WARNING: Limited textbooks available

opinion

EDITORIAL cartoon1They’re one of most costly requirements of higher education: textbooks.
Most times, getting them at Amarillo College is a smooth, no-thought-needed endeavor. You take your course list to the bookstore, wait in line, get help from a clerk and check out.
But this semester saw many bumps in the process. Students were told to buy the wrong books, forcing them to make a second trip for an exchange and causing the students who actually needed those books to go without. Instructors found their books hadn’t arrived in time for the start of the semester or stock ran out well before every student purchased a text.
Issues have continued well into the semester. Students who receive financial aid could purchase books only during a certain window, but there were no books to be found.
When the books finally arrived, they had to wait for financial aid checks to arrive because accounts already had been reconciled.
Some students who purchased books early and spent a good chunk of cash have found they have yet to need to even open the book.
Others who were required to buy a book with a one-time access code (books that cannot be sold back) were told after opening books that the code would not be used.
Then there’s the ongoing issue of unbound books. These books are not printed like traditional books – instead, the book pages are loose and students must make the additional purchase of a binder to keep track of a book that has no resale value once opened.
While some of these books appear to contain quality information, at least one lab manual from the spring semester contained subpar illustrations and grammar and spelling errors.
Students and instructors have one thing in common: they need the required texts to have a successful semester. But from issues of availability and cost to questions of quality, it’s no wonder the subject has been a sore one this year.
While it may be too late for this semester, we do have a few suggestions to help you avoid the Badger book blues in the spring.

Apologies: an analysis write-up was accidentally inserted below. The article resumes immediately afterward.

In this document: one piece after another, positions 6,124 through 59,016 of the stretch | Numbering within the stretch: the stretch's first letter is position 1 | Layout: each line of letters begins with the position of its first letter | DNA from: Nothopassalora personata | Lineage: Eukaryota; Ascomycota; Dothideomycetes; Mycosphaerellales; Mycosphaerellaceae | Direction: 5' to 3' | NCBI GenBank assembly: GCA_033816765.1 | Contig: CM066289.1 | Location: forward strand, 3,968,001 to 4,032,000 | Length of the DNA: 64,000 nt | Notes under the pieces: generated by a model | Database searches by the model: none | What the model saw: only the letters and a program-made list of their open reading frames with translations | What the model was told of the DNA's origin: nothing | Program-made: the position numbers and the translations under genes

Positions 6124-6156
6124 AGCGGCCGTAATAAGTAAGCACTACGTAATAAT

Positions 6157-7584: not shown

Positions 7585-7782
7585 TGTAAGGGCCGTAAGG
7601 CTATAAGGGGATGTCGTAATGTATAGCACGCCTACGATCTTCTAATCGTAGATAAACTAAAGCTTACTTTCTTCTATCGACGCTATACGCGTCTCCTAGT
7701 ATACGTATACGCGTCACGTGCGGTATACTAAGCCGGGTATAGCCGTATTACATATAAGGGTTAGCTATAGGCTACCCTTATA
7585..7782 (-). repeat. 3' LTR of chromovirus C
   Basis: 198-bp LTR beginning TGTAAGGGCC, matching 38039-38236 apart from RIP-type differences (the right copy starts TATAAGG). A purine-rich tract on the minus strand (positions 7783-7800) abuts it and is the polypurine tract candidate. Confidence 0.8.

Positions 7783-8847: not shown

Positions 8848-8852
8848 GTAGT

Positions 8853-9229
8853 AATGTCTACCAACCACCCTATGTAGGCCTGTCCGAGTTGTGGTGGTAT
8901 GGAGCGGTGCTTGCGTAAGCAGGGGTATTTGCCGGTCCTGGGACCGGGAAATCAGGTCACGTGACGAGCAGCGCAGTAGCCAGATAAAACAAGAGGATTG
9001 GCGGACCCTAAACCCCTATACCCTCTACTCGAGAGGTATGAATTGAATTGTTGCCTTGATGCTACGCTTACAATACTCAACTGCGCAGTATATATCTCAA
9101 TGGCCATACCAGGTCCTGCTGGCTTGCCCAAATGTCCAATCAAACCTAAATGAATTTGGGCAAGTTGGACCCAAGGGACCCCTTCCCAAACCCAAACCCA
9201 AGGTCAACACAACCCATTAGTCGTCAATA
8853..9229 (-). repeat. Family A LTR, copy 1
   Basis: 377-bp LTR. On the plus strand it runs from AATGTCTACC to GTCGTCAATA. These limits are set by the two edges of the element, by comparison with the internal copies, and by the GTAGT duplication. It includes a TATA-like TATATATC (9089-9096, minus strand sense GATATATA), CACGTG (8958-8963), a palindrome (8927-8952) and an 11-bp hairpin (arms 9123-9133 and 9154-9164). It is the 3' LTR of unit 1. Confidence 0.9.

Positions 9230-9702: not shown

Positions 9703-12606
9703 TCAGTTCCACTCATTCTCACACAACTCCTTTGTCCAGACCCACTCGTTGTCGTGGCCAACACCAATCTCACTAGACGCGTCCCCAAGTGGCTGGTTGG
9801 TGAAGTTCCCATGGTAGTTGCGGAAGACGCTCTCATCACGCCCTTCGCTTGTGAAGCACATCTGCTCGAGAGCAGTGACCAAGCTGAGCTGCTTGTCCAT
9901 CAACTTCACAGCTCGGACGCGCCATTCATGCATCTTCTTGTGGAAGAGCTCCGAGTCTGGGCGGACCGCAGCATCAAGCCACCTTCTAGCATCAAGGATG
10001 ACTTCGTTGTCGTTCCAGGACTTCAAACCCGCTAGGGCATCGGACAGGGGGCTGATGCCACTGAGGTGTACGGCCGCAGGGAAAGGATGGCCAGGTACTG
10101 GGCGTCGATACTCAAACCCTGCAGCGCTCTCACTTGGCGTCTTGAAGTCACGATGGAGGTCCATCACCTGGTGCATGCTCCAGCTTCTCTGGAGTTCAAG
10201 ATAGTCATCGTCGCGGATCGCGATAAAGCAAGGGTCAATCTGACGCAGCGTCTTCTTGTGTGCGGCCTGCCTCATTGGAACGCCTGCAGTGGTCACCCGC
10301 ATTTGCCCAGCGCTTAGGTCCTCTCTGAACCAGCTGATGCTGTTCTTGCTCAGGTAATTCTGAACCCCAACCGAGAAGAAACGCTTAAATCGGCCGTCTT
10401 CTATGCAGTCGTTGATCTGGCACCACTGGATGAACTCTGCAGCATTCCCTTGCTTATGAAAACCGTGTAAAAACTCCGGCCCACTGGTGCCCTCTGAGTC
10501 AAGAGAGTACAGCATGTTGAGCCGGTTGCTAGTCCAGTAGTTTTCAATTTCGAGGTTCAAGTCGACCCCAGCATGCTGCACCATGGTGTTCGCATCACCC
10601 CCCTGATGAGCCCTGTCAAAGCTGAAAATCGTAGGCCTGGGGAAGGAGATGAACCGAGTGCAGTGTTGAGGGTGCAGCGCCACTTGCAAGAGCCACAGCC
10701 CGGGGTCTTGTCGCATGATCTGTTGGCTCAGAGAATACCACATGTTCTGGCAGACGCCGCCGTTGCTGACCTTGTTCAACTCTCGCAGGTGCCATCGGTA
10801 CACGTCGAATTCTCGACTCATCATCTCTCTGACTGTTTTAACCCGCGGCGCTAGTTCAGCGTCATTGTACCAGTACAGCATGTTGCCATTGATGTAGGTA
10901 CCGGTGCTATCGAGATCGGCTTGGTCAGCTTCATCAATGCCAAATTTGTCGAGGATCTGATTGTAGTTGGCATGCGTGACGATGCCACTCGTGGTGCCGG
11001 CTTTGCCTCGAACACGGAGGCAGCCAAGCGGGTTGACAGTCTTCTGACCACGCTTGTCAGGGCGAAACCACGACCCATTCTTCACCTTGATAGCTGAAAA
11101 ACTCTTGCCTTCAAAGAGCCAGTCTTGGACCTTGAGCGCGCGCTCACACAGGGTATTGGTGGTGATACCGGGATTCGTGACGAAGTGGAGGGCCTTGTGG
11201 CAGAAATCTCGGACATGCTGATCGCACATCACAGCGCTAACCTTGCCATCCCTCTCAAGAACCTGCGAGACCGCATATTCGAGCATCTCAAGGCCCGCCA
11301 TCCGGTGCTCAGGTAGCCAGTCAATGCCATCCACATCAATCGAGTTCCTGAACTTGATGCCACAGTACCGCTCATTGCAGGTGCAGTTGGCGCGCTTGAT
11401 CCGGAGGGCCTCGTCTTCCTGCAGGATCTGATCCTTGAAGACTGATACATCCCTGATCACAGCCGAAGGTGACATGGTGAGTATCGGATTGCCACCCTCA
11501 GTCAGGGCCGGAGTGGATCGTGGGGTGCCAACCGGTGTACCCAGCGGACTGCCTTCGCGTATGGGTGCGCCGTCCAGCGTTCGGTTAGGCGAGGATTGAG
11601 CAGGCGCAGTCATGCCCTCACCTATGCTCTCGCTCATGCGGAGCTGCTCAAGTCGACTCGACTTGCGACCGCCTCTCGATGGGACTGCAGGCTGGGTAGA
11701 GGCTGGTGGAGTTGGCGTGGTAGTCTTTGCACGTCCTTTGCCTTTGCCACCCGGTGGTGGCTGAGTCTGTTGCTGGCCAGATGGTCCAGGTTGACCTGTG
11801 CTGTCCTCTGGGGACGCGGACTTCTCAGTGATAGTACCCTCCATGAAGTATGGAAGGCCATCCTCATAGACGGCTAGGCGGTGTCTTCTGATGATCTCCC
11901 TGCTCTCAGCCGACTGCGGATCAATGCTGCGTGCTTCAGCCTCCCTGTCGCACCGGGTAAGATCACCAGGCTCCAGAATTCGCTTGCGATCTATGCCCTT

Prepare early
After registering for classes, generate a book list through the online bookstore. If there are no texts listed for a class, email the instructor and ask if you will be expected to buy a text, if an e-book will suffice and if there is an access code or other materials needed.
Instructors can help by getting text lists in to the bookstore as soon as possible to avoid shortages in stock or late orders.
Compare prices
Once you know what text you’ll need, use the ISBN or title to look up the text online and compare prices. Amazon, eBay, Chegg, Hastings and Barnes and Noble all carry many of the same textbooks. You also can buy e-versions of both traditional and loose books at a significantly cheaper price.
If you have to wait for your financial aid to clear before you can buy a text, ask your instructor if you should bite the bullet and buy the book on campus or if you can wait until your financial aid is released and order it online or purchase it at a local bookstore.
Address any concerns
If you feel like you’re not getting your money’s worth out of a text, speak up.
To avoid a pricey stack of scratch paper, ask before you open the book if you will need it. Point out errors in the book.
If the instructor doesn’t care, mention it to the department head or your adviser.
Find other ways
to make your money back
Even if the bookstore won’t buy back your book, you may be able to sell it to other students.
Post the text on bulletin boards, in Facebook groups or tell your adviser, who may know a student who needs the text.

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